Geometric Algebra

Geometric Algebra is a book written by Emil Artin and published by Interscience Publishers, New York, in 1957. It was republished in 1988 in the Wiley Classics series (ISBN 0-471-60839-4).

In 1962 Algèbre Géométrique, translation into French by M. Lazard, was published by Gauthier-Villars, and reprinted in 1996. (ISBN 2-87647-089-6) In 1968 a translation into Italian was published in Milan by Feltrinelli.[1] In 1969 a translation into Russian was published in Moscow by Nauka[2]

Long anticipated as the sequel to Moderne Algebra (1930), which Bartel van der Waerden published as his version of notes taken in a course with Artin, Geometric Algebra is a research monograph suitable for graduate students studying mathematics. From the Preface:

Linear algebra, topology, differential and algebraic geometry are the indispensable tools of the mathematician of our time. It is frequently desirable to devise a course of geometric nature which is distinct from these great lines of thought and which can be presented to beginning graduate students or even to advanced undergraduates. The present book has grown out of lecture notes for a course of this nature given a New York University in 1955. This course centered around the foundations of affine geometry, the geometry of quadratic forms and the structure of the general linear group. I felt it necessary to enlarge the content of these notes by including projective and symplectic geometry and also the structure of the symplectic and orthogonal groups.

The book is illustrated with six geometric configurations in chapter 2, which retraces the path from geometric to field axioms previously explored by Karl von Staudt and David Hilbert.


Chapter one is titled "Preliminary Notions". The ten sections explicate notions of set theory, vector spaces, homomorphisms, duality, linear equations, group theory, field theory, ordered fields and valuations. On page vii Artin says "Chapter I should be used mainly as a reference chapter for the proofs of certain isolated theorems."

Chapter two is titled "Affine and Projective Geometry". Artin posits this challenge to generate algebra (a field k) from geometric axioms:

Given a plane geometry whose objects are the elements of two sets, the set of points and the set of lines; assume that certain axioms of a geometric nature are true. Is it possible to find a field k such that the points of our geometry can be described by coordinates from k and the lines by linear equations ?

The reflexive variant of parallelism is invoked: parallel lines have either all or none of their points in common. Thus a line is parallel to itself.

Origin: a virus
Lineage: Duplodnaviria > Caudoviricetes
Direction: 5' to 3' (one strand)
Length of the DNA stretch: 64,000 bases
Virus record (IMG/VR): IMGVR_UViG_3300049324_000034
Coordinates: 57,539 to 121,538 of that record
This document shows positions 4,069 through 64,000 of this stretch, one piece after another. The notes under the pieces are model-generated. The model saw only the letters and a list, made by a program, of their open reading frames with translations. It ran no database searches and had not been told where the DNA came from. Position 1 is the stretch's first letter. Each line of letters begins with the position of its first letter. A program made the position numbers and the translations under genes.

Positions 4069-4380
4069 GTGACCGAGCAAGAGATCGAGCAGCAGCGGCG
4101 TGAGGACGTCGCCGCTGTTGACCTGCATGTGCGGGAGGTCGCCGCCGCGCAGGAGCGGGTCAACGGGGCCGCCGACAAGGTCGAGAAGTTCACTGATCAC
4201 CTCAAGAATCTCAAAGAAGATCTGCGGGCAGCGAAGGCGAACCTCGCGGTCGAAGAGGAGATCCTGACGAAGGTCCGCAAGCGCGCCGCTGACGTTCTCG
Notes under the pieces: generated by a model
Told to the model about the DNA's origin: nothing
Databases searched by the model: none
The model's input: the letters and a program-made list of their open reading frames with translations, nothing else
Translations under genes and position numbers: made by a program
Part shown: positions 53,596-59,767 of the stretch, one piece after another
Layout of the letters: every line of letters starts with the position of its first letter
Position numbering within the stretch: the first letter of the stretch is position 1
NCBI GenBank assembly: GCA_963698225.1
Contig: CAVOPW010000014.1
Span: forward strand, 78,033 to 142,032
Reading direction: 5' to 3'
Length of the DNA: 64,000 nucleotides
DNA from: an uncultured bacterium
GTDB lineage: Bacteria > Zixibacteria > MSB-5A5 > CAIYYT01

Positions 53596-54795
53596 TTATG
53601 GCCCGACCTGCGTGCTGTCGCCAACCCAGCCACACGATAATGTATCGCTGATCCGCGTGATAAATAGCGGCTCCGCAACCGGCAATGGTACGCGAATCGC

Axiom 1 requires a unique line for each pair of distinct points, and a unique point of intersection of non-parallel lines. Axiom 2 depends on a line and a point; it requires a unique parallel to the line and through the point. Axiom 3 requires three non-collinear points. Axiom 4a requires a translation to move any point to any other. Axiom 4b requires a dilation at P to move Q to R when the three points are collinear.

Artin writes the line through P and Q as P + Q. To define a dilation he writes, "Let two distinct points P and Q and their images P′ and Q′ be given." To suggest the role of incidence in geometry, a dilation is specified by this property: "If l′ is the line parallel to P + Q which passes through P′, then Q′ lies on l′." Of course, if P′ ≠ Q′, then this condition implies P + Q is parallel to P′ + Q′, so that the dilation is an affine transformation.

The dilations with no fixed points are translations, and the group of translations T is shown to be an invariant subgroup of the group of dilations. For a dilation σ and a point P, the trace is P + σP. The mappings TT that are trace-preserving homomorphisms are the elements of k. First k is shown to be an associative ring with 1, then a skew field.

Conversely, there is an affine geometry based on any given skew field k. Axioms 4a and 4b are equivalent to Desargues' theorem. When Pappus's hexagon theorem holds in the affine geometry, k is commutative and hence a field.

Chapter three is titled "Symplectic and Orthogonal Geometry". It begins with metric structures on vector spaces before defining symplectic and orthogonal geometry and describing their common and special features. There are sections on geometry over finite fields and over ordered fields.

Chapter four is on general linear groups. First there is Jean Dieudonne's theory of determinants over "non-commutative fields" (division rings). Artin describes GL(n, k) group structure. More details are given about vector spaces over finite fields.

Chapter five is "The Structure of Sympletic and Orthogonal Groups". It includes sections on elliptic spaces, Clifford algebra, and spinorial norm.


Alice T. Schafer wrote "Mathematicians will find on many pages ample evidence of the author’s ability to penetrate a subject and to present material in a particularly elegant manner." She notes the overlap between Artin's text and Baer's Linear Algebra and Projective Geometry or Dieudonné's La Géometrie des Groupes Classique.[3]

Jean Dieudonné reviewed the book for Mathematical Reviews and placed it on a level with Hilbert's Grundlagen der Geometrie.[4]


This article is issued from Wikipedia. The text is licensed under Creative Commons - Attribution - Sharealike. Additional terms may apply for the media files.